Article by Grace Franck // Aug. 2, 2018
Described as an “off-shore laboratory for collective, experimental learning,” the Floating University—inaugurated this spring in a rainwater basin near Berlin’s Tempelhofer Feld—was designed and built by local architects raumlaborberlin. The project is typical of raumlabor’s unique modular design aesthetic, with which they create frameworks from scaffolding that act as living and adaptable structures, inhabitable by many users and programs. In this case, the building is modeled after an oil rig, but the precious object of extraction is much loftier, the scarce urban resource in question being “sensitivity for decision-making.” While this may seem broad, it follows closely from raumlabor’s other projects in public space, which have often dealt with notions of grassroots participation and commons in relation to city planning. The Floating University is a site to consider our place, as architects, artists and inhabitants, in the urban environment. On this occasion, raumlabor was offered an unparalleled building site that proved ripe for new and exciting possibilities (as well as organisms).
The old, concrete rainwater basin on Lilienthalstraße, close to two of Berlin’s biggest public parks, is a manmade swamp of sorts, sometimes knee-deep and covered over with sickly green algae, and at others bone dry and dusty, depending on precipitation level. After a particularly heavy rainfall in July, the Floating University was even flooded and temporarily inaccessible. While the scene of these skeletal buildings with bubble accents rising out of the water is impressive, like a spaceship landing, the decision to use the basin is not purely aesthetic; raumlabor has invited artist-in-residence Katherine Ball from Detroit as the on-site expert on water filtration, and her extensive research alongside participants can be viewed as a kind of ongoing, fully-functional installation in the space.
The Floating University is a self-contained organism, with its many parts helping to uphold the viability of the whole and to reduce excess waste. The toilets, for example, flanking off to one side of the well-used activity spaces, are compost-based. All of the spaces and actions produced at Floating University are the result of an academic program that engages students from art and architecture faculties across Berlin and Europe. The kitchen is designed and operated by students of the Space Production studio at the Universität der Künste, for example, while students from Weißensee Kunsthochschule took over the initiation of the bar.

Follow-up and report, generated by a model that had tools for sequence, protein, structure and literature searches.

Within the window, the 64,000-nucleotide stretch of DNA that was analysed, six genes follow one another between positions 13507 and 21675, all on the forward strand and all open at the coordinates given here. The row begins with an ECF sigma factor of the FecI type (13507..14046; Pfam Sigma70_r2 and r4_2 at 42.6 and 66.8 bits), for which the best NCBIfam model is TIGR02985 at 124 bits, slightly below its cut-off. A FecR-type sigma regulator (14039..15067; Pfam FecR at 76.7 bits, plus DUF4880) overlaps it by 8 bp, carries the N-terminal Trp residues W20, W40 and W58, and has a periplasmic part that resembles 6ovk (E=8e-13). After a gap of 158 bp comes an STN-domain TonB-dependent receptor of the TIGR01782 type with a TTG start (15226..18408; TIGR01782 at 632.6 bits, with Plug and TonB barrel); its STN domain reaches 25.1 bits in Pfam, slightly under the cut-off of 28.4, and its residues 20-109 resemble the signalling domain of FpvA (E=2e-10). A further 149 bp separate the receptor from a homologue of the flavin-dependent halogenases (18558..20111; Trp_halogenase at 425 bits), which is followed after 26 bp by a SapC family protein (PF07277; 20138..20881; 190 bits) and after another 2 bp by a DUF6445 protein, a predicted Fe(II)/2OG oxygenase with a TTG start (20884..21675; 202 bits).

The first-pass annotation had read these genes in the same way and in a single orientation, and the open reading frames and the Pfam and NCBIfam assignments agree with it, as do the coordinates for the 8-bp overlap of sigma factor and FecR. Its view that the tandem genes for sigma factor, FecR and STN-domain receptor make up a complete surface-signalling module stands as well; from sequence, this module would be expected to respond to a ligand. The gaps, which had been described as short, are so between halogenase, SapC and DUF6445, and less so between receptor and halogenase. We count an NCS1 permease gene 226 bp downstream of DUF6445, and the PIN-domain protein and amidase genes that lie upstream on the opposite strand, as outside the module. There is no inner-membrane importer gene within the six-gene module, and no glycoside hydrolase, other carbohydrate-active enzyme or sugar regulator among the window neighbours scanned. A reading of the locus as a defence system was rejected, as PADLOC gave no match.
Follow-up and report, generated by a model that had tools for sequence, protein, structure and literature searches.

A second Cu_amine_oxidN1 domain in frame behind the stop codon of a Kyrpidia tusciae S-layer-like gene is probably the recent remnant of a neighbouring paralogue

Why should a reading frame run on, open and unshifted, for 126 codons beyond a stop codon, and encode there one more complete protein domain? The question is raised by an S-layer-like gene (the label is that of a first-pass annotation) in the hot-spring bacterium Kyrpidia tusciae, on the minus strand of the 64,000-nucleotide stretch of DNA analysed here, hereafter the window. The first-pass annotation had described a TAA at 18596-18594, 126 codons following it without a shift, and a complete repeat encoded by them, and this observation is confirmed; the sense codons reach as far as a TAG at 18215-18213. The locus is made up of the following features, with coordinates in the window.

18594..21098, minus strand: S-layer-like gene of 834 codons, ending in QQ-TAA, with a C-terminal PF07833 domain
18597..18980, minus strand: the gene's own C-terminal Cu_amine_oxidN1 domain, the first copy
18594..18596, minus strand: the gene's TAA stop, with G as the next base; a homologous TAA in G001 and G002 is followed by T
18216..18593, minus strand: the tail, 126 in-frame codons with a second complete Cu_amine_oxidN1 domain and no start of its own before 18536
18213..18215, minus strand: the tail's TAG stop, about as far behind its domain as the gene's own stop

From June 29 to July 15, the Floating University presented Open Weeks of public workshops that saw the space transformed by an elaborate program of talks, performances and parties to welcome students and the neighboring community. To capture some of the process and concretize many of the discussions around space happening at the Floating University, curator Gilly Karjevsky developed the ‘Lexicon’ program, which mapped how participants consider the use of spaces that are normally kept apart: the kitchen and the study, the bar and the auditorium, the hot tub and the library, the laboratory and the street, the university and the park. In a workshop on ‘Pseudo Public Space,’ architecture professors Helen Stratford and Amro Yaghi from Sheffield University collaborated with local architects ON/OFF to examine uses of actual public spaces in the city through performative methodologies. After the intense construction of the Floating University, the Open Weeks allowed participants to bring theory and practice together through discussion and engagement with the surrounding urban area.
The Open Weeks will resume in autumn but, in the meantime, you can catch a glimpse of the Floating University facilities every Thursday, starting at 6PM, through the weekly “rubber boot tours” of the buildings and installations.